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ENGL 4169/5169: Web Content Writing

Spring 2018

Prof M C Morgan
HS 314 | 755 2814
mmorgan@bemidjistate.edu • twitter: @mcmorgan @thisisonline
Course url: http://erhetoric.org/WebWritingAndDesign/


For the first part of the course, we'll read and discuss information architecture and industry-favored principles of web content. For the second part of the course, we'll read and discuss What Else Could Be Done.

Required Text

Steve Krug. Don't Make Me Think, revisited, 3rd ed. New Riders, 2014. ISBN-13: 978-0321965516

We'll work with with a few chapters each week for the first few weeks. The focus in this book is less on writing and more on web design and usability - the interface, basically, and the new situation of reading text and writing text for that way of reading.

Lynch and Horton. Web Style Guide, 3rd ed. online at http://webstyleguide.com/wsg3/. This is the Elements of Style when it comes to web design and content writing. You can buy it in print on Amazon or elsewhere.

Other texts and materials to be assigned from about week 5 on.


Writing directly in the wiki works fine - as long as you save often. But if you want to work offline, I recommend a markdown editor (google markdown editor +[your operating system]), but any text editor will do. You can also use the wiki for drafting. Do not use MS Word. Please. It adds code to the text files that make formatting on the web a mess. Rule 1 of Writing for the Web is to use a text editor rather than a word processor. Google "text editor"+ your computing platform of choice.

Course Statement

This course looks at the current rhetorical and social conventions of web content writing and seeks to challenge them. The first part of the course gives you the opportunity to learn the fundamentals of web design and writing as it is currently practiced. For this we'll be using Krug's Don;t Make Me Think, Revisited 3rd edition.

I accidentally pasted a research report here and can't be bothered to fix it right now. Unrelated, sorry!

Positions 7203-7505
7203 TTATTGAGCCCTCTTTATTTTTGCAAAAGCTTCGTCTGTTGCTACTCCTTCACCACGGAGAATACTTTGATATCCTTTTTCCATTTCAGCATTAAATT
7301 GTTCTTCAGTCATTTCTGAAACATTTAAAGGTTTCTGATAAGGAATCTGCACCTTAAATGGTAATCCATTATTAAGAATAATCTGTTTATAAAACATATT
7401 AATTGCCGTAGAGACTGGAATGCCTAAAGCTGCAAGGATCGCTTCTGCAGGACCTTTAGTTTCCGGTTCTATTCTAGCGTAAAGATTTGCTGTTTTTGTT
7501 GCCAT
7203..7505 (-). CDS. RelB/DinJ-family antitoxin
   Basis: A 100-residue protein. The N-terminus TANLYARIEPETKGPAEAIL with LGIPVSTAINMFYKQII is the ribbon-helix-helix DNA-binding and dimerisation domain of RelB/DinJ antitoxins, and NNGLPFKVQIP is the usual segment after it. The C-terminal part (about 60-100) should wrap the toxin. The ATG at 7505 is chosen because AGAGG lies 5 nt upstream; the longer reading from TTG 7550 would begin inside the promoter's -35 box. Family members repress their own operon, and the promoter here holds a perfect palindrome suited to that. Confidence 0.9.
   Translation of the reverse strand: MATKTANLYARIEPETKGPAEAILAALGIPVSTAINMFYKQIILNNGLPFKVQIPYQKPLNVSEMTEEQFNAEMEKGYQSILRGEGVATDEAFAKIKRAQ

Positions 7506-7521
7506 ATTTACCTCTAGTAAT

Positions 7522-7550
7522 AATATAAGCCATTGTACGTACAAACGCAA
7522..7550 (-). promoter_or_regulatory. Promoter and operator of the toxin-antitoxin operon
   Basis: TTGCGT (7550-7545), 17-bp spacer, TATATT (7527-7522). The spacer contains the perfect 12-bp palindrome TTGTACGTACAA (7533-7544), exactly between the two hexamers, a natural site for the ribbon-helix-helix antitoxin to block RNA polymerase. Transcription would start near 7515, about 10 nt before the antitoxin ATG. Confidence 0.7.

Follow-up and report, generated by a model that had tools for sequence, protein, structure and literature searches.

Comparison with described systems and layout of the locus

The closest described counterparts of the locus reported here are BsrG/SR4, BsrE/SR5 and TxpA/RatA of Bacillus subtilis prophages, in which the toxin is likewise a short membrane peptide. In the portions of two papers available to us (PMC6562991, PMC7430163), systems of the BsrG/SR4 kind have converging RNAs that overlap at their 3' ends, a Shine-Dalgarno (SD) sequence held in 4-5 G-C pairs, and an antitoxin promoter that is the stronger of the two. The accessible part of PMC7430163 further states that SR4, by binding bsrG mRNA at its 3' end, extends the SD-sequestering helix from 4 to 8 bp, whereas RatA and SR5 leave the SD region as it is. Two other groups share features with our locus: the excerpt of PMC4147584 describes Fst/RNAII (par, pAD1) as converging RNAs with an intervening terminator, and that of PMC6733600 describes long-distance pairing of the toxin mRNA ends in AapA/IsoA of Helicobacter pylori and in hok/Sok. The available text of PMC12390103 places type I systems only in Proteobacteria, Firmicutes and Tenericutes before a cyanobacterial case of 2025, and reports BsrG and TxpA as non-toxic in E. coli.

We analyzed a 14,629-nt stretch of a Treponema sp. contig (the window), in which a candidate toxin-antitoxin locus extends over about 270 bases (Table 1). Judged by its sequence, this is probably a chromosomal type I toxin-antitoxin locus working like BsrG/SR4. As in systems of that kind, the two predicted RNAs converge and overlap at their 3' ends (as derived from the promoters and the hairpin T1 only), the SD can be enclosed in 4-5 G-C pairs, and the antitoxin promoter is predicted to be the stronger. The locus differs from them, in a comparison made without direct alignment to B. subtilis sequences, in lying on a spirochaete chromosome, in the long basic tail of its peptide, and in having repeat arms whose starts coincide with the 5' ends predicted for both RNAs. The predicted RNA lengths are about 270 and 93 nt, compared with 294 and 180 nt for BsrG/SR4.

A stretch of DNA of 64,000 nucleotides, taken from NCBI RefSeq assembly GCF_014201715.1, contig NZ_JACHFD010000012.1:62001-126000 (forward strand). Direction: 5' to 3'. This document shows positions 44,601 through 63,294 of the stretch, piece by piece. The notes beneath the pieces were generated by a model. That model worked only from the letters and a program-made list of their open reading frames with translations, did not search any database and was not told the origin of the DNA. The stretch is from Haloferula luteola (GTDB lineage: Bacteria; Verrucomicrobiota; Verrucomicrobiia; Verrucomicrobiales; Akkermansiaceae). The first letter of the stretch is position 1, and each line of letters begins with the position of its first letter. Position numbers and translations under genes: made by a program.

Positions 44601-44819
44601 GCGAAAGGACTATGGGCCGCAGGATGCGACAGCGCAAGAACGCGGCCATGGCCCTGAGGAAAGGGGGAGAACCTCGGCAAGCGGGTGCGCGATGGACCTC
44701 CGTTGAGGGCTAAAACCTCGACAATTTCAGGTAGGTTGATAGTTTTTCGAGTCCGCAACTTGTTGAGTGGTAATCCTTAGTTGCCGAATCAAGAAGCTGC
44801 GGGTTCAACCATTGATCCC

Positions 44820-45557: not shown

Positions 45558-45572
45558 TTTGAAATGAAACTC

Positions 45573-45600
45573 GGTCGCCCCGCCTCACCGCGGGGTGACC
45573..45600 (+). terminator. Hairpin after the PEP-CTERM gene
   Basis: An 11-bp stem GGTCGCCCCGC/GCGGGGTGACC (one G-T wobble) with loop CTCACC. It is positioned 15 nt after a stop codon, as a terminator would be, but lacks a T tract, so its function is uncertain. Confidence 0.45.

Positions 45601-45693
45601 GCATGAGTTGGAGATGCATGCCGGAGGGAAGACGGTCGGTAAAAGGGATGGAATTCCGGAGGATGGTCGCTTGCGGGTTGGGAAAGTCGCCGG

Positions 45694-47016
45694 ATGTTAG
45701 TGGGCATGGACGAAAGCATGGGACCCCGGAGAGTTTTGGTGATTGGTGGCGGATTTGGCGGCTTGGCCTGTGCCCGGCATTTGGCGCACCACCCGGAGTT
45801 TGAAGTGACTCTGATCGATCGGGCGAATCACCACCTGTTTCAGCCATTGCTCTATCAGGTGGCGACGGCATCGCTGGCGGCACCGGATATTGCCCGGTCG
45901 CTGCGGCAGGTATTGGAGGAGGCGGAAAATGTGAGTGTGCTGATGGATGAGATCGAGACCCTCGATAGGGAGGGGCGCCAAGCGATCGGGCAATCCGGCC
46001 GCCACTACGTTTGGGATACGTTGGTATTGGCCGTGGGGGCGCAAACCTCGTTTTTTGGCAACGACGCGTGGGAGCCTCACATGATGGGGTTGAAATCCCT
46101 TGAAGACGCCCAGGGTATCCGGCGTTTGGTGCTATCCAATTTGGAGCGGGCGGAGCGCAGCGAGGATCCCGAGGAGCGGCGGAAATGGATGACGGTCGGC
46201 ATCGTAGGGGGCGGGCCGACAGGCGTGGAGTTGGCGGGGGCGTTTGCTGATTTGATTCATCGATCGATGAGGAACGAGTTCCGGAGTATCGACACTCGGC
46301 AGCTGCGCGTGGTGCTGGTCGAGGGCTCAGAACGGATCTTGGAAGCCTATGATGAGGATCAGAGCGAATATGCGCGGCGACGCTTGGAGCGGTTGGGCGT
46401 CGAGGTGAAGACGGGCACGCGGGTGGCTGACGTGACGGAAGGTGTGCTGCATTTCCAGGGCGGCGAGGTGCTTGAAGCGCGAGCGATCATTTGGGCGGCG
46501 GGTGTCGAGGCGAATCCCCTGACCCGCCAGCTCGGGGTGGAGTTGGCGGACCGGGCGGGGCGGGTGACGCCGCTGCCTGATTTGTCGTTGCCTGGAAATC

The second part of the course focuses on what the current state of the web is not good at doing: the limits and preconceptions we have to the web that keeps it corralled. For this, we'll be using a collection of print and online sources that I'll distribute. These will be readings in theory, history, origins that we will use as springboards for discussion and writing.

Here's a review of the scholarly problem this course addresses:

At its invention (1989), web writing was to be interactive and hypertextual. But very soon, it became centralized and limited in design. It became driven by commercial institutions and values, using staid and conservative print-based rules and conventions. Interactivity was pushed to the edges. Hypertextual potentials were set aside. Design that might have re-made how we read and write over-looked.

Web content writing as it is typically taught has become industrial - formulaic, hobbled by commercial aims and returns, and shaped as mass communication to mass audiences. The industry watchword is Don'tMakeMeThink. The one-to-many stylistic conventions of writing of Clarity, Brevity, and Sincerity have been imported unthinkingly. As a result, the web has not moved much. Hypertext is not being used to address the potential it has.

But web content writing does not need to follow mass communication models of writing of one-to-many. The web is a publishing platform that can stand outside of mass comm interests as a many-to-many network. It can be a one-to-one medium, where writers (professionals, amateurs, others) can address readers individually, and where writers can take alternative approaches to their work, think of audiences in alternative ways, employ the affordances of web writing in ways that challenge both themselves and readers.